In parallel with methodological advances, archaeologists, linguists, anthropologists, and historians have increasingly engaged with the approaches and findings of geneticists in their study of the African past. MacEachern’s landmark paper “Genes, Tribes, and African History,” published in 2000 partly as a response to Cavalli-Sforza and colleagues’ 1994 opus The History and Geography of Human Genes, problematizes use of identity-based categories in genetic research, and more broadly examines the value and pitfalls of genetic research in light of decades of archaeological, historical, ethnographic, and linguistic scholarship on the African past.179 While this essay is not alone in its critical assessment of genetics, it continues to resonate today. The genomic revolution of the early 2000s provoked additional consideration of the integration of archaeology, historical linguistics, and genetics, and the benefits and perils of interdisciplinarity.180 The “ancient DNA revolution,” gaining pace in Africa since 2015, has provoked a third wave of thought pieces on the genomic turn in African studies. Many of the concerns are the same as raised by MacEachern in 2000. Others focus on the ethics of destructive sampling of human skeletal remains and the need for meaningful community engagement.181 Although Africanist scholars are increasingly seeing these issues through the lens of decolonization and as part of broader calls to make the historical sciences more equitable, critiques of DNA and aDNA research in Africa continue to reflect unresolved issues that remain from the earliest days of the field.

Primary Sources

Unlike other historical sciences that rely on documents as their primary sources, the primary sources for human DNA studies are people. In the case of modern DNA studies, this includes not only genetic data but also the information that participants provide, such as ethnic self-identification, languages spoken, and so forth. In the case of paleogenetic studies, human aDNA studies primarily rely upon archaeological human remains. Additional sources of ancient DNA include faunal and botanical remains, and cultural materials that have organic content and thus may preserve DNA (e.g., stone tools with adhering plant-based mastic; parchment made from animal skins; or human saliva residues on the stem of a tobacco pipe). Archaeological collections are commonly cared for by museums and universities, both across the African continent and, often, in Europe and North America. Under colonial rule, many African archaeological collections—including human skeletal remains—were removed from their place of origin and taken either to European museums and universities or to another location within European-controlled territory: for example, African cultural heritage and human remains from multiple former British colonies are today found in South Africa.182 While repatriation is more openly discussed in the 21st century, it remains far from a reality in most cases, and relatively little attention has focused on archaeological (as opposed to historical) human remains.183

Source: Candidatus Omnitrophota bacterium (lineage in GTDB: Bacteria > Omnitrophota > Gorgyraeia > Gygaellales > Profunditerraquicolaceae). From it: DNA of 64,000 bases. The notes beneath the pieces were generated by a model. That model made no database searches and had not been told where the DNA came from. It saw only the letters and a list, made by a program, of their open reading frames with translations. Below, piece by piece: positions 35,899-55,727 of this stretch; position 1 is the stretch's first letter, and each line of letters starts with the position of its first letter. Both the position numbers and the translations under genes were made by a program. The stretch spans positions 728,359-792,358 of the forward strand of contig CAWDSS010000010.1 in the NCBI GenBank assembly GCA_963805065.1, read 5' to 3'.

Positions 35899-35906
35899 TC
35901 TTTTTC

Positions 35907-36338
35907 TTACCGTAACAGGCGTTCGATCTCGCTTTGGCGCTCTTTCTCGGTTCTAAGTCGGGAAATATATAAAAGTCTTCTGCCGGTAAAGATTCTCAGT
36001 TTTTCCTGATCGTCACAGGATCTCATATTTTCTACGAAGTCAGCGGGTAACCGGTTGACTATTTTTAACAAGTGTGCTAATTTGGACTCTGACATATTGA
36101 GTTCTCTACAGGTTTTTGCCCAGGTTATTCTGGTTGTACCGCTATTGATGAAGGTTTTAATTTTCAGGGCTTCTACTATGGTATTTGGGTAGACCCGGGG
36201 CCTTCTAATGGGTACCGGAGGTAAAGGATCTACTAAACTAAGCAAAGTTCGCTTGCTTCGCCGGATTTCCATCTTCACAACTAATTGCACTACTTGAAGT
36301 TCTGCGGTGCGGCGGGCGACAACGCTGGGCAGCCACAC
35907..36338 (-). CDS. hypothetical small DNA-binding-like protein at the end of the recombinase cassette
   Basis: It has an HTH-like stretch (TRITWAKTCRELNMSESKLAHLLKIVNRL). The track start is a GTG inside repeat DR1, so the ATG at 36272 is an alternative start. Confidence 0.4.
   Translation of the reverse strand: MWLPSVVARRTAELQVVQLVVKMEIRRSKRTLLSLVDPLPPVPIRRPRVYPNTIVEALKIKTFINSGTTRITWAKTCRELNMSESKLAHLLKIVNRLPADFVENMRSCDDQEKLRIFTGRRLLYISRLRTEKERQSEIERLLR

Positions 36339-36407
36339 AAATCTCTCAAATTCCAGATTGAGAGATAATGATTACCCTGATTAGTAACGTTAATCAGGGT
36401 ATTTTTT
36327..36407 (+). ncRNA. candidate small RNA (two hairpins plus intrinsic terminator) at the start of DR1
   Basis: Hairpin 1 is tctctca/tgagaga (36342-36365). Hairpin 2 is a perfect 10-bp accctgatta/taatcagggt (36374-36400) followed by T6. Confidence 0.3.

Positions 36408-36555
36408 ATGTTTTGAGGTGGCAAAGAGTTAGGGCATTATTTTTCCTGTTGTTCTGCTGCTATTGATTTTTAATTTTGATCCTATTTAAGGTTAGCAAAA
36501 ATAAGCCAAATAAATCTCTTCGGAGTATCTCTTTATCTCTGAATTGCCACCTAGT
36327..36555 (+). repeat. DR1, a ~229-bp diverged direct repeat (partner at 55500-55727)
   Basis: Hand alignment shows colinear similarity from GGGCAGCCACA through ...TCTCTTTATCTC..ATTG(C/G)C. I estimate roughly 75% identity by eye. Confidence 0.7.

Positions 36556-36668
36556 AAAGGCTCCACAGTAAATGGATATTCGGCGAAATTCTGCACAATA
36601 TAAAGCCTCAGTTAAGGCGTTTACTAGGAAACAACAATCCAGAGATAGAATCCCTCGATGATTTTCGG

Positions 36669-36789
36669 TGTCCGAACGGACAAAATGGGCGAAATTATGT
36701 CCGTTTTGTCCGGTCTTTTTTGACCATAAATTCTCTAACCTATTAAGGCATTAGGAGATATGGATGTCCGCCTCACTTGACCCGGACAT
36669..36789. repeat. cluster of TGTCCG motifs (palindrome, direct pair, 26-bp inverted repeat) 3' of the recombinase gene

Museums often maintain databases of their collections, which are sometimes publicly accessible. These collections can normally only be accessed with permissions from the relevant government agencies, curatorial staff, or other stakeholders such as indigenous communities. Since these stakeholders are specific to each national context and may vary depending on the location and timeframe of an archaeological site, they are impossible to list exhaustively here. A good starting point is the directory of maintained by the International Council of Museums (ICOM).

Once sampled from archaeological remains, derived molecular products (DNA extracts and libraries) are typically curated for the long term in the laboratory where the work took place and where temperature and other conditions are controlled for optimal preservation. This is an essential step that effectively immortalizes this information, so it can be re-examined and used in other genetic studies without requiring further sampling of archaeological remains, which can be returned to the curating institution. Eventually, curation of DNA extracts and libraries may also shift to the samples’ countries of origin; however, this will require dedicated lab infrastructure that does not yet exist in most African countries.

Genomic and paleogenomic research has been cited as a model for open science.184 As a condition of publication, both ancient and modern DNA sequences are made publicly accessible, making it possible for other researchers to independently confirm results and incorporate these data into their own analyses.185 Three major archives are currently active and sharing data with one another and with the public: the European Nucleotide Archive, GenBank, and the DNA DataBank of Japan. Many laboratories also maintain a website hosting publicly accessible DNA data produced by their studies, with Internet links often published in the relevant paper. Ongoing discussions regarding the need to balance open science with indigenous data sovereignty are highly relevant to aDNA research in some contexts and will likely play a major role in shaping practices in the coming years.186